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Lucas Williamson Finds Passion Narrating Documentary on Loyola’s 1963 Title

The Ramblers’ guard was the voice behind a project documenting one of college basketball’s most impactful moments.

Had Lucas Williamson not committed to Loyola University Chicago in April 2017, he might not have played in a Final Four just a year later. But there’s one thing he’s sure he would have missed out on, and that’s learning about the “Game of Change,” a moment in college basketball history that came during the 1962–63 season—which was also the last time the Ramblers went as far in the NCAA tournament as they did in Williamson’s rookie year.

Now in his fifth season on the Loyola squad, Williamson narrates that same story of the 1963 Ramblers in The Loyola Project, a documentary highlighting the team’s path to the national title, which includes the historic regional semifinals against Mississippi State.

The film premiered on CBS Sports Network on Feb. 7 in honor of Black History Month and will also be screened later in the week, once at a theater in Chicago and once at Gentile Arena on the Loyola campus.

Production of the The Loyola Project began in 2020 before the killing of George Floyd sparked protests and calls for change across the country. Williamson grew up in Chicago himself and saw a lot of similarities between the story, his own life and director (also a Chicago native) Patrick Creadon’s journey. For him, the chance to work on a success story during this time is what drew him to the project.

“As a Black kid growing up in the city, you want to hear these types of success stories,” Williamson says. “There’s not that many stories like that in Black history. So much of it is rooted in tragedy and rooted in trauma that it diminishes hope a little bit. … This story is unique. They came out on top, and they won a championship in the end. They’re winners at the end of the day.”

Loyola Chicago s Lucas Williamson (1) takes a three-point shot as the Loyola Chicago Ramblers play the University of Evansville Purple Aces.

On March 15, 1963, Mississippi State was scheduled to play Loyola with an all-white lineup but was banned from playing integrated teams by a state legislative order. On the other hand, the Ramblers’ head coach at the time, George Ireland, played four Black starters, breaking the status quo of having no more than a few Black players on the court at once. But the game went on, as is described in the film, after the Bulldogs sneaked away from campus to face the Ramblers in East Lansing, Mich. Ireland’s squad won 61–51.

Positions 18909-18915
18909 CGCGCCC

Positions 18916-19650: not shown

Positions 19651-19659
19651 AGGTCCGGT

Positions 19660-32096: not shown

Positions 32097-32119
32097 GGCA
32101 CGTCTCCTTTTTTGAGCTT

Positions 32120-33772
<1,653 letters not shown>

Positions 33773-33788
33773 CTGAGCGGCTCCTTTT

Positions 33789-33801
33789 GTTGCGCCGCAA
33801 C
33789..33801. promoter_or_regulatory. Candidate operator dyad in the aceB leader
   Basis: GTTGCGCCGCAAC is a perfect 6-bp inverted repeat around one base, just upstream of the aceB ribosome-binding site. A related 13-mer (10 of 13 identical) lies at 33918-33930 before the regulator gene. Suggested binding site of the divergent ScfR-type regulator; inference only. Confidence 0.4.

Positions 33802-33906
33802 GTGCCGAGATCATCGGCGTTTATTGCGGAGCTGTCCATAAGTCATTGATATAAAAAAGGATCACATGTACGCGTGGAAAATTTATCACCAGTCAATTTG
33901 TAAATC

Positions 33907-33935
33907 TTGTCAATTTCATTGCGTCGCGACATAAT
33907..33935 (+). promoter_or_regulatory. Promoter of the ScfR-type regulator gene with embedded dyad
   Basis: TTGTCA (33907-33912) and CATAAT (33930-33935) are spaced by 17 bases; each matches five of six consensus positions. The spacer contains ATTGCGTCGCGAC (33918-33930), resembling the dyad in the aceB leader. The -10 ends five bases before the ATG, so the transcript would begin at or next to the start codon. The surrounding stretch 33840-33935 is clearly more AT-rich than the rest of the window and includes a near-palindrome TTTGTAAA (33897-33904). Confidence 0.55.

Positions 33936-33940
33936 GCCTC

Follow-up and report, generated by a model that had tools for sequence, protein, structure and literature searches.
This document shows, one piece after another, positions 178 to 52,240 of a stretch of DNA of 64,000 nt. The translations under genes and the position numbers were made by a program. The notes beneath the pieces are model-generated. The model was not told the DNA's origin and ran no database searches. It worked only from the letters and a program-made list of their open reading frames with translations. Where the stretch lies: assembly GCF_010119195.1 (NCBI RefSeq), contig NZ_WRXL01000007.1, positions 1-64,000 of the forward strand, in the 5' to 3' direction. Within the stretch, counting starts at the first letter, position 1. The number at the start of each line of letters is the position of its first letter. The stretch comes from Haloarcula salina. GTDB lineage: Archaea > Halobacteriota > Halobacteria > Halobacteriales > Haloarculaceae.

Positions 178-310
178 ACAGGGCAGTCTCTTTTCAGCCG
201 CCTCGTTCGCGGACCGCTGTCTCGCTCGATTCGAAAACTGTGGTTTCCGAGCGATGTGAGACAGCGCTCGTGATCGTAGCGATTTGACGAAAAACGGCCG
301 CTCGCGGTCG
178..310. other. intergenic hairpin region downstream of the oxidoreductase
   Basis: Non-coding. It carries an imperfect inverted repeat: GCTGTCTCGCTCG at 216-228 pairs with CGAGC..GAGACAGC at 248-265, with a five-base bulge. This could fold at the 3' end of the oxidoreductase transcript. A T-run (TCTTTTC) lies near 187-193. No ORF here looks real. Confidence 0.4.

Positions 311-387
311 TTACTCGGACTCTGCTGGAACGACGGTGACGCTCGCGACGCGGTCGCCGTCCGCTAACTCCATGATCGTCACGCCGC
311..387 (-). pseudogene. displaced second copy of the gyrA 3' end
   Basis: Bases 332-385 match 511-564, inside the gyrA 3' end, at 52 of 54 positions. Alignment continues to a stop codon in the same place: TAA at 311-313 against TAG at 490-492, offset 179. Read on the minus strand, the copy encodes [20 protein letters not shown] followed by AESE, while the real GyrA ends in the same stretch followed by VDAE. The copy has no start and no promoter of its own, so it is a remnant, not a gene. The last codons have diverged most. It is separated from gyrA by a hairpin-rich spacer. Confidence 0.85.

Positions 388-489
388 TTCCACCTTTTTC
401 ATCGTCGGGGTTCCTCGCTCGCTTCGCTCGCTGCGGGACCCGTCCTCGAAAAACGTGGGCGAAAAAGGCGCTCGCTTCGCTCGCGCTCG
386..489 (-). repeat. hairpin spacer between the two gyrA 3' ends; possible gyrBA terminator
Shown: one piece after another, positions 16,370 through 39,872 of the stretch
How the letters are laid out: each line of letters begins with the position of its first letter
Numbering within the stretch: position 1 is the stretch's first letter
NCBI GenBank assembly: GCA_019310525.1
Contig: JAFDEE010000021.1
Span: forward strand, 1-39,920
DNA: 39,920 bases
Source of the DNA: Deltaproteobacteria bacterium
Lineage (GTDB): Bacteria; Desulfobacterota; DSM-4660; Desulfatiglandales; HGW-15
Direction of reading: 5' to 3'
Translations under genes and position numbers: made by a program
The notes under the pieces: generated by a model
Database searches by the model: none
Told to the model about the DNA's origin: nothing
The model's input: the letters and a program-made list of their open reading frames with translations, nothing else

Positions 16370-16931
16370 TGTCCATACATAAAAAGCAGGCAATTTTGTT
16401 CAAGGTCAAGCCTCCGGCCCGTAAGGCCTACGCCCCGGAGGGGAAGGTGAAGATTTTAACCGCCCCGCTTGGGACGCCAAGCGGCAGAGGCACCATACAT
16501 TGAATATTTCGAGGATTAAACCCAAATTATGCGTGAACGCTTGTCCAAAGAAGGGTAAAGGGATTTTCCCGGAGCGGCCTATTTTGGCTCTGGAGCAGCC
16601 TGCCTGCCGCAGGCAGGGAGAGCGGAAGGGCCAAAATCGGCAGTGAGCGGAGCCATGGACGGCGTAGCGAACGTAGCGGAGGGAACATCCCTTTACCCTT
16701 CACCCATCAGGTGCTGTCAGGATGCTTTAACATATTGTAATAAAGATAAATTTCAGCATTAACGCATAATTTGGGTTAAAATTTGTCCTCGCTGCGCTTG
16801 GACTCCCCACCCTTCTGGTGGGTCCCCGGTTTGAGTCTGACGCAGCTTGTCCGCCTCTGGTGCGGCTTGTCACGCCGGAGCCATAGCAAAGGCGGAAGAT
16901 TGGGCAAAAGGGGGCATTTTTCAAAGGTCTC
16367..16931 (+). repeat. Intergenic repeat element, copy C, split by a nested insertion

Happening in the heat of the Civil Rights Movement, the “Game of Change” was a significant step in breaking down racial barriers in college basketball. The Rev. Dr. Martin Luther King Jr. wrote the famous “Letter from a Birmingham Jail” less than one month after the game took place. Two months after that, Governor George Wallace stood at the University of Alabama entrance in a failed attempt to block two Black students from registering, prompting President John F. Kennedy to send the National Guard to Tuscaloosa.

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“When you talk about Glory Road, for example, everybody knows that story,” Williamson says. “What's so different about Glory Road and what the ‘63 team did? Why don't we know the story?”

As the voice behind The Loyola Project, he has spent the last two years squeezing in 20-minute narration sessions in his “personal studio” (otherwise known as his closet) between practices, games and classes.

Williamson went to Whitney Young Magnet High School, in Chicago, before joining Loyola. Now, he is one of the top defensive players in the country and a key part of Loyola’s success in the postseason; he was named Missouri Valley Conference Defensive Player of the Year after his senior season and led the squad in scoring during the 2021 NCAA tournament run. He graduated in ’21 as a journalism major with Spanish and management minors and is now working toward a graduate degree in digital marketing.

Head coach Drew Valentine has seen Williamson’s growth on the squad since he was a rookie. He joined the Ramblers as an assistant in 2017, and now in his first season as head coach, Valentine is quick to call the guard an ambassador on and off the court.

“Although he finds value and identity in basketball, I think he knows there's so much more to life than just what’s in between those lines or what's in an arena,” Valentine says. “He’s definitely found his voice and his purpose, and what he’s passionate about, at Loyola.”

As he gets closer to embarking on the quest for his own national title, Williamson hopes his work as both a narrator and cowriter on the film will help ease others into conversations about race.

“What I hope is that the film becomes an outlet for other people. It’s like an easy way to ease into these harder conversations that we have to have as a society, as a nation,” Williamson says. “If we were to just simply talk like,All right, we're gonna talk about racism in America,’ nobody really wants to do that. That's awkward or intimidating. But if we slide in a nice little sports story, now we can dissect the story and in doing so, we're talking about [it].”

That’s when The Loyola Project shines the brightest, Williamson says, in the way it teaches viewers about the 1963 team while also bridging the gap between the past and the present. His narration will take the story of the “Game of Change” to new ears and new minds. Even after the film’s release, Williamson’s voice will carry on—the same way he plans to take his team into the postseason. 

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